Though copyright protects the work as soon as it is created, it is almost always advisable to formally register the copyright with the U.S. Copyright Office. Our Santa Rosa copyright attorneys can evaluate your company’s intellectual property portfolio and advise how to proceed.
Registration of copyrights is not technically required for protections to be enforceable. However, proactively registering your copyright – and thus proving you are the originator and owner of the work – will make protection enforcement significantly easier.
You will need to submit the following elements to the U.S. Copyright Office to register a work:
- A properly completed application
- The appropriate filing fees
- Copies of the copyrighted work
The number of copies of the work you will need to include with your registration package will depend on the type of the work. For unpublished works or works initially published outside the United States typically only need to provide a single copy. If a work has already been published in the U.S., you may need to provide at least two copies.
Works in other mediums also come with additional requirements. When registering a completed film, for example, you must submit a copy of the film as well as a written description of the film.
Many types of copyrightable works can be registered online. Others will require registration-by-mail. Most registrations take between three and nine months to be processed and issued. We can help you prepare your registration package and help you make avoidable mistakes. Our team can also help you field inquiries and requests for additional information from the U.S. Copyright Office.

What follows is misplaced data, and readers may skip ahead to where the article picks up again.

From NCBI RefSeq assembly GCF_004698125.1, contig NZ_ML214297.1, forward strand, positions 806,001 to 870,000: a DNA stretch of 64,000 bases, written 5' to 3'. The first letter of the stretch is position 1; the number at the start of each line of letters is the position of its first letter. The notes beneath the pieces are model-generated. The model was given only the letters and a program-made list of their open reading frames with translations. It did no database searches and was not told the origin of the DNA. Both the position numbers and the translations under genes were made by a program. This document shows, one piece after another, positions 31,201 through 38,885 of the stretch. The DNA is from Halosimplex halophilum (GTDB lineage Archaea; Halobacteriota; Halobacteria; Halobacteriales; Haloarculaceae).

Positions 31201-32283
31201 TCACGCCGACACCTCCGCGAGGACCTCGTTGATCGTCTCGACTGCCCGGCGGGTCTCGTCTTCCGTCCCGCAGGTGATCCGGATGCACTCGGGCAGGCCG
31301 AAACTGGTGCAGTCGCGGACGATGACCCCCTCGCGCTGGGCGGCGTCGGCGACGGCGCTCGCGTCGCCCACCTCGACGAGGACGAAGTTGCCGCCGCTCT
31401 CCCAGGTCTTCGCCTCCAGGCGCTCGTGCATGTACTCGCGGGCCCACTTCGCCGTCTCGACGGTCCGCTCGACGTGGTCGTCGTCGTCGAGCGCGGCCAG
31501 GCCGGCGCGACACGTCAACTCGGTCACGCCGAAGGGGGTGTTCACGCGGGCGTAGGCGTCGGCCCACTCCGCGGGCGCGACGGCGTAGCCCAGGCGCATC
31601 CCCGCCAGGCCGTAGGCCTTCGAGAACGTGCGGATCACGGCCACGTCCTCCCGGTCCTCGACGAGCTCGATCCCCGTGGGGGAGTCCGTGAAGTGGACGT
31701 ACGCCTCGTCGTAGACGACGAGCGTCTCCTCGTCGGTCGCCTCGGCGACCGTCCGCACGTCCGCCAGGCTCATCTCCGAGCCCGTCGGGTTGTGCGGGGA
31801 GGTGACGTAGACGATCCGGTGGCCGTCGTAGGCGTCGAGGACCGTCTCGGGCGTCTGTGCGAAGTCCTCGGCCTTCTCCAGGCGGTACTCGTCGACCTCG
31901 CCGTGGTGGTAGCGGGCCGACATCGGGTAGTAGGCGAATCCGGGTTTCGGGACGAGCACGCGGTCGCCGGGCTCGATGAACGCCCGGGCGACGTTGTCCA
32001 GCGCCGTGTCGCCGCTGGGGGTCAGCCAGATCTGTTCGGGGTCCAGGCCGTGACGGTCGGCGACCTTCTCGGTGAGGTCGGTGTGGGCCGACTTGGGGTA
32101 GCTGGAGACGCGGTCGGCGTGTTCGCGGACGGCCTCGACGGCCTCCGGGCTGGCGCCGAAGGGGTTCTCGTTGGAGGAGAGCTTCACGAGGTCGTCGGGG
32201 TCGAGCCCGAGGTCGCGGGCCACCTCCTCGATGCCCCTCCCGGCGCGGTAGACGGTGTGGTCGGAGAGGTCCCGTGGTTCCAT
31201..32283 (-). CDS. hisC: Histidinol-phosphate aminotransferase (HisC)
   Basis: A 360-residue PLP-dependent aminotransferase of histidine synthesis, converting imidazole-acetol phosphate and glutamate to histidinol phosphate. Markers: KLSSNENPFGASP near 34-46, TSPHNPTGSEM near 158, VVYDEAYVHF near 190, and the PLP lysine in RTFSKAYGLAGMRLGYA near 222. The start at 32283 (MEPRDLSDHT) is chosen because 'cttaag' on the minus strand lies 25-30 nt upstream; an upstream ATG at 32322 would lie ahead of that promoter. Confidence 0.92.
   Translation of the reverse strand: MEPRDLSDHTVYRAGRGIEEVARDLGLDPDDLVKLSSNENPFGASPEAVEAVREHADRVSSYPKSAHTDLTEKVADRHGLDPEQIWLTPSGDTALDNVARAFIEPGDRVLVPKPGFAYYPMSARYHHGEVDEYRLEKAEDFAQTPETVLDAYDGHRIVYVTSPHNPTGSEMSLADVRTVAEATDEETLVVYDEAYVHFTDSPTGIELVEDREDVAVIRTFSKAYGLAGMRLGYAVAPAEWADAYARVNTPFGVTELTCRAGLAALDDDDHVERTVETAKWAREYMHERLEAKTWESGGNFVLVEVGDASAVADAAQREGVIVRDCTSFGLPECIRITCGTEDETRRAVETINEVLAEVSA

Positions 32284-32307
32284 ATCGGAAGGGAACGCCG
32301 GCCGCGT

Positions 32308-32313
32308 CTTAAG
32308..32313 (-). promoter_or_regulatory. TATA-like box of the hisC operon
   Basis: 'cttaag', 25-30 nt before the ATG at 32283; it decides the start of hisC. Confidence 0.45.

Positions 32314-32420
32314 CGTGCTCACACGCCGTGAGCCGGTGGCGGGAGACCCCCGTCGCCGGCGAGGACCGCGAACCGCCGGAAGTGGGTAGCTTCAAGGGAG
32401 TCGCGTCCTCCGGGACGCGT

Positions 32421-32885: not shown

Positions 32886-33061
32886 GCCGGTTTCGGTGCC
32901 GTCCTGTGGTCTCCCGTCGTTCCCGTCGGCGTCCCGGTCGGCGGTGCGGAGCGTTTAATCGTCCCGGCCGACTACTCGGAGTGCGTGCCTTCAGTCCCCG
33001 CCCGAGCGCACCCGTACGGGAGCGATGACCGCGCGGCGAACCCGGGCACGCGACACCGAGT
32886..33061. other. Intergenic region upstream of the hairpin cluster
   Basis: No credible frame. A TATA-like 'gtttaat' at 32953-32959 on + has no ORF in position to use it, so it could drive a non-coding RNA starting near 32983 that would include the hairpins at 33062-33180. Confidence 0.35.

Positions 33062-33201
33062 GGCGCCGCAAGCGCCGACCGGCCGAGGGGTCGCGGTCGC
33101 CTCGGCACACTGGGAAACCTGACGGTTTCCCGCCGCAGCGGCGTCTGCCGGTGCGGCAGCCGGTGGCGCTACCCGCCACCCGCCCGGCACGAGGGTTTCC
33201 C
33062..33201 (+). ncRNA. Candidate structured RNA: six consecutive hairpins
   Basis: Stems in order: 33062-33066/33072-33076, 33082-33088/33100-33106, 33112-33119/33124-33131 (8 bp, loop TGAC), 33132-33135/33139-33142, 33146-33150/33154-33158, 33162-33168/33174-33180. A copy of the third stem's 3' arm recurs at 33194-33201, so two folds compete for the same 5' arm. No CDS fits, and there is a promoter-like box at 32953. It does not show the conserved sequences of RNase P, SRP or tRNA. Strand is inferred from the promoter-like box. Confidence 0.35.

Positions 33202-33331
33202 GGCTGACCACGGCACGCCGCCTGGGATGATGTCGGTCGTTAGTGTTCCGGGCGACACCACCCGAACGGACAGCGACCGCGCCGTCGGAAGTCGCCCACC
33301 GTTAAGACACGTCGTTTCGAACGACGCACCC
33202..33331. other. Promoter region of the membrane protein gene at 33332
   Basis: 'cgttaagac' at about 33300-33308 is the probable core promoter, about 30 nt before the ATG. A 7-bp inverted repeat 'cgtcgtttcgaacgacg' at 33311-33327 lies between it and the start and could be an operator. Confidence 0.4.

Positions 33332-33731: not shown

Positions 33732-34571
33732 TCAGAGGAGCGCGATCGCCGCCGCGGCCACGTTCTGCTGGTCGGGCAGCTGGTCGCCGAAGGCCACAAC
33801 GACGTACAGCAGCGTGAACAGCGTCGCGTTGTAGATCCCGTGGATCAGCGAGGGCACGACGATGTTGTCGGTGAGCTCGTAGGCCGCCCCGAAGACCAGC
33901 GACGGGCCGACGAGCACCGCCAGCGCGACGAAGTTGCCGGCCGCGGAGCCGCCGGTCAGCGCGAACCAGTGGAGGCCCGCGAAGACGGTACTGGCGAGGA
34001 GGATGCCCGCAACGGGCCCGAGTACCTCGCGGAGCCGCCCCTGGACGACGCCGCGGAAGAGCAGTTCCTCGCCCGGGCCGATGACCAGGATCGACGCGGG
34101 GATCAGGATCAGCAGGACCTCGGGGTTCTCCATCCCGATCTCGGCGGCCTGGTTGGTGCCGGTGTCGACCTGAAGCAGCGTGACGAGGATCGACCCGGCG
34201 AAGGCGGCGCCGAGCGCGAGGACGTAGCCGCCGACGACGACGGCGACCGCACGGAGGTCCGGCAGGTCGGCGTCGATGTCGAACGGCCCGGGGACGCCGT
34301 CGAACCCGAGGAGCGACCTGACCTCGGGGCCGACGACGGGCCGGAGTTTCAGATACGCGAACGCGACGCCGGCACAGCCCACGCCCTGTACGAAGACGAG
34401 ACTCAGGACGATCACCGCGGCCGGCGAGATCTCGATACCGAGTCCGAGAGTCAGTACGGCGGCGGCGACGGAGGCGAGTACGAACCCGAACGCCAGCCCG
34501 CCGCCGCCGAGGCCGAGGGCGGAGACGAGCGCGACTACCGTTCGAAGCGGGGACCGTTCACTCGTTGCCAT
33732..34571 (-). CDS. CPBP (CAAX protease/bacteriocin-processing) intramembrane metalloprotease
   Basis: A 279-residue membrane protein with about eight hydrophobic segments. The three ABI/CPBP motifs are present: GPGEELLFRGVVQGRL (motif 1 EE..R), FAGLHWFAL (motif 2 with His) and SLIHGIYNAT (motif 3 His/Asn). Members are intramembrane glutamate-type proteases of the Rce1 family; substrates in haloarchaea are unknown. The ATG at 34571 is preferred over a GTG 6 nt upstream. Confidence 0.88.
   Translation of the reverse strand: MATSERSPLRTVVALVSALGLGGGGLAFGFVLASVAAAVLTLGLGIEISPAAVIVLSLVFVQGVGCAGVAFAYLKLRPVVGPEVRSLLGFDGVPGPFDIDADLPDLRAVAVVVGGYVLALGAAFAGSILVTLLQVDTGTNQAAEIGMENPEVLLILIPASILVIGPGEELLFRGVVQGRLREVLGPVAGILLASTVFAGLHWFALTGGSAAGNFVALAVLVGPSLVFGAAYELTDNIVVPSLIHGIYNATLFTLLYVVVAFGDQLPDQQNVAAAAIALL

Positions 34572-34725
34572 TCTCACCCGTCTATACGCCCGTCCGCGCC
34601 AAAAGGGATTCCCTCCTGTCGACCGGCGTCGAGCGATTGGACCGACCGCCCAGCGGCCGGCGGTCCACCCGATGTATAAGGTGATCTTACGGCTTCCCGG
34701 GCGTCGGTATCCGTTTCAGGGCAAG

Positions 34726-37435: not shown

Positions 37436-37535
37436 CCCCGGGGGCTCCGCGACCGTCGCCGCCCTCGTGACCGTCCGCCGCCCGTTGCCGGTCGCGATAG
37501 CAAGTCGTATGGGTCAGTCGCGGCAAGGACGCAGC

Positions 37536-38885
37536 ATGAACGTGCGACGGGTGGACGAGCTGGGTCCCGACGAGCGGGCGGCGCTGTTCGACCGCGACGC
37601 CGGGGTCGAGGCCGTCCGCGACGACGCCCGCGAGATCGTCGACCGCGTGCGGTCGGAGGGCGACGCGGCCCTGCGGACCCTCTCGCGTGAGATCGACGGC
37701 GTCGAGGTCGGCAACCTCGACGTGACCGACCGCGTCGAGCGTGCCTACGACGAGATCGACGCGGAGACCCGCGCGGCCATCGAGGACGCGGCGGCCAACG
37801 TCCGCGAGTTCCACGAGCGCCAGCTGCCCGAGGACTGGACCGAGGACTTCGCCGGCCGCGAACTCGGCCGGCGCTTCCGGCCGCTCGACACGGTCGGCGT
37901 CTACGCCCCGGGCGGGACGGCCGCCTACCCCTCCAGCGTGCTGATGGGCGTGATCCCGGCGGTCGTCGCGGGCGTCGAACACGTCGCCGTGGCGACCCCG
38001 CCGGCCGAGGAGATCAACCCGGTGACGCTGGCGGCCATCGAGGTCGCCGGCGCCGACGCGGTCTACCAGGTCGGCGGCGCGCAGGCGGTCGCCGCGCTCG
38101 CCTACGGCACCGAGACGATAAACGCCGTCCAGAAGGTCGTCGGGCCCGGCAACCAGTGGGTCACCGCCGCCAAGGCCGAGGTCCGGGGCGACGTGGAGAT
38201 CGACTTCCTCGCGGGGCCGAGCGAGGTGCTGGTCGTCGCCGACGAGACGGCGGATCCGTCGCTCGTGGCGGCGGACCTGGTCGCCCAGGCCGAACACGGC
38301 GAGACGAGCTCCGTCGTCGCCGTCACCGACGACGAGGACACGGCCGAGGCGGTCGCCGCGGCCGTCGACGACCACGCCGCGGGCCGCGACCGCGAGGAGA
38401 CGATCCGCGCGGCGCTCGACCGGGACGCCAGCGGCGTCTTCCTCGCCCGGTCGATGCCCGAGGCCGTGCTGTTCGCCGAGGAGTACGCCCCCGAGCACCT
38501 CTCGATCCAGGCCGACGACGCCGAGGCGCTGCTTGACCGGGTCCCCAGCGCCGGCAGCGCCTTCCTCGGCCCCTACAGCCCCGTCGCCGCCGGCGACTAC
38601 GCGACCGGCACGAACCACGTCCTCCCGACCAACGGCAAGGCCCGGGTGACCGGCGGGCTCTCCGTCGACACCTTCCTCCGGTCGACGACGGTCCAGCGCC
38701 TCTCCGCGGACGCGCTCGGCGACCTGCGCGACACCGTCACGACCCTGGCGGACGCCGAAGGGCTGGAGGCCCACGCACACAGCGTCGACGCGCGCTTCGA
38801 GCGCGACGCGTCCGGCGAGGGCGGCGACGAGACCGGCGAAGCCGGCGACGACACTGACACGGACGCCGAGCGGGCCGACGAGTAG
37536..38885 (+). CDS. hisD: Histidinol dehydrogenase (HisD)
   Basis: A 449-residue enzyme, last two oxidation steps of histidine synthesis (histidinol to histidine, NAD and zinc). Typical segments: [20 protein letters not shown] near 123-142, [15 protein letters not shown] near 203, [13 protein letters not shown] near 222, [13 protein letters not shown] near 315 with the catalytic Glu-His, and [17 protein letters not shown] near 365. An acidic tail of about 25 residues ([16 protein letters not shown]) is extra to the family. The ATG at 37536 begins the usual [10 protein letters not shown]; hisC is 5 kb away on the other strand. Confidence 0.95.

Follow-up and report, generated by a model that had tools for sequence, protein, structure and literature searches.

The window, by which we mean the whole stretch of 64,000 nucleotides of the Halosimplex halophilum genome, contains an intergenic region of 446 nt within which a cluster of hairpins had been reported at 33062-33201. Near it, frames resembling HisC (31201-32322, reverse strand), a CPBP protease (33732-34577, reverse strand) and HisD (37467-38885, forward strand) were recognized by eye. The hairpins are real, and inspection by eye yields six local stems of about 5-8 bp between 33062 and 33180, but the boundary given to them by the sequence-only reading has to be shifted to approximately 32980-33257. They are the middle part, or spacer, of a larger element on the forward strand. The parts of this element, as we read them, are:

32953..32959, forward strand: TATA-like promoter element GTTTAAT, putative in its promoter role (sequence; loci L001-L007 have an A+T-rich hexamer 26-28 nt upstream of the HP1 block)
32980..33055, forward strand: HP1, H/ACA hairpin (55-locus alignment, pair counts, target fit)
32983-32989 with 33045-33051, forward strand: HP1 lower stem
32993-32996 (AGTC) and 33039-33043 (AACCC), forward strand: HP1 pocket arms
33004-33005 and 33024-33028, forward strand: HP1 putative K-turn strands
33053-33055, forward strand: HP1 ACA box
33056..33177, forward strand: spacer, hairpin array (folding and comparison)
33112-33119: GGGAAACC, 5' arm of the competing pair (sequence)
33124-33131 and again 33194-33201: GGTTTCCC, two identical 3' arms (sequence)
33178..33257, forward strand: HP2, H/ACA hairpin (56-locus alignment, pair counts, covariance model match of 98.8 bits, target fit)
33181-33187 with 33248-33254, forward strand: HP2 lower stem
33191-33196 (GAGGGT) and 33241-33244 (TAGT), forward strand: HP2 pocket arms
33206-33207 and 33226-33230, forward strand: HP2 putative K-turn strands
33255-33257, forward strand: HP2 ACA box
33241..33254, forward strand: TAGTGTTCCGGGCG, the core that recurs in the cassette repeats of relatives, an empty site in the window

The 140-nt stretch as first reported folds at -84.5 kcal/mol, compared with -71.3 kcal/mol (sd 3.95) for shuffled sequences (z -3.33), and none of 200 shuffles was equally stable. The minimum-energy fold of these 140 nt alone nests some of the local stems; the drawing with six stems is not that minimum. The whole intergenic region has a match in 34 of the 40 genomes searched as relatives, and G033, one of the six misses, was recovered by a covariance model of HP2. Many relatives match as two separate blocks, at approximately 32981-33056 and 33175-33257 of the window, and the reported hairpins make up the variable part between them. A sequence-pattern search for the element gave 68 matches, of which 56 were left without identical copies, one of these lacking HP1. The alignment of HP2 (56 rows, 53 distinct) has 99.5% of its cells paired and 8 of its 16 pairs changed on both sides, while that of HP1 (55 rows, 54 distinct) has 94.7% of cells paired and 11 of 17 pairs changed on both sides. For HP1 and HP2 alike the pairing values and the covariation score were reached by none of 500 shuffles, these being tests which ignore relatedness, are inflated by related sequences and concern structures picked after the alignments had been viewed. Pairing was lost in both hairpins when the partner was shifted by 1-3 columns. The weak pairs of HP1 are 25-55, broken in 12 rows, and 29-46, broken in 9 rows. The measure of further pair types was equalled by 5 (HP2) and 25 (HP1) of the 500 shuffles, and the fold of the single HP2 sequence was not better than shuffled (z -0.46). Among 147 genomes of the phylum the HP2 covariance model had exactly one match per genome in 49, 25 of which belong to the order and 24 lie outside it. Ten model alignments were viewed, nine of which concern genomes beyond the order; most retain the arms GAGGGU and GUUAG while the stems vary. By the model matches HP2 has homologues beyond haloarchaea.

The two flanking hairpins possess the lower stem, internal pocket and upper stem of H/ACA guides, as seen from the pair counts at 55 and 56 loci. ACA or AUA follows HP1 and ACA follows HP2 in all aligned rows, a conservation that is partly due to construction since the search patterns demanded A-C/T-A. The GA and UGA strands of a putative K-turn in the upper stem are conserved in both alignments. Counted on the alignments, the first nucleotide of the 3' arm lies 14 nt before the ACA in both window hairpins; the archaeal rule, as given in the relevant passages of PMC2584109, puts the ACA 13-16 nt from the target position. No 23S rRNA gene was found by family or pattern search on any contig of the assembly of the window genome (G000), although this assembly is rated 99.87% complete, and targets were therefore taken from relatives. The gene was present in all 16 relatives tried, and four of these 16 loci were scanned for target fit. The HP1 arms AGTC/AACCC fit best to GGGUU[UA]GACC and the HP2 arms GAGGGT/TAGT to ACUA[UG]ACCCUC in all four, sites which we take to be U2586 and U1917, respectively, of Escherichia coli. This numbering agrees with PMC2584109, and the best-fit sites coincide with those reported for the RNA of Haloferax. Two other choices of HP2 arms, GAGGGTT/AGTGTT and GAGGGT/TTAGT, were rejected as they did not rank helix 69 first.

Copyright Enforcement and Litigation
If your business owns copyrightable works, you should make every effort to protect those works. While you will inherently own copyrights to qualifying works as soon as they are created, taking the extra step to register the protections can ultimately save you time and money.
Another party may attempt to violate your copyright through unlawful duplication, public exhibition, or sales. In any of these scenarios, you must diligently enforce your copyright protections and pursue legal action against the infringing party. Depending on the circumstances, you may be able to recover damages if your company has suffered harm as a result of the infringement.
When your copyrights are already registered, you will generally have a much easier time enforcing your rights. While you still may be able to fight copyright infringement in cases where you have not registered the copyright for a given work, you will first have to indisputably prove that you own the copyright. This process can be expensive and time-consuming.
At Merrill, Arnone & Jones, LLP, we are committed to helping California businesses protect their rights and intellectual property. Our Santa Rosa copyright lawyers can assist you with enforcement efforts and fight all types of infringement. We are familiar with how to efficiently handle copyright litigation and will provide the capable representation your company deserves.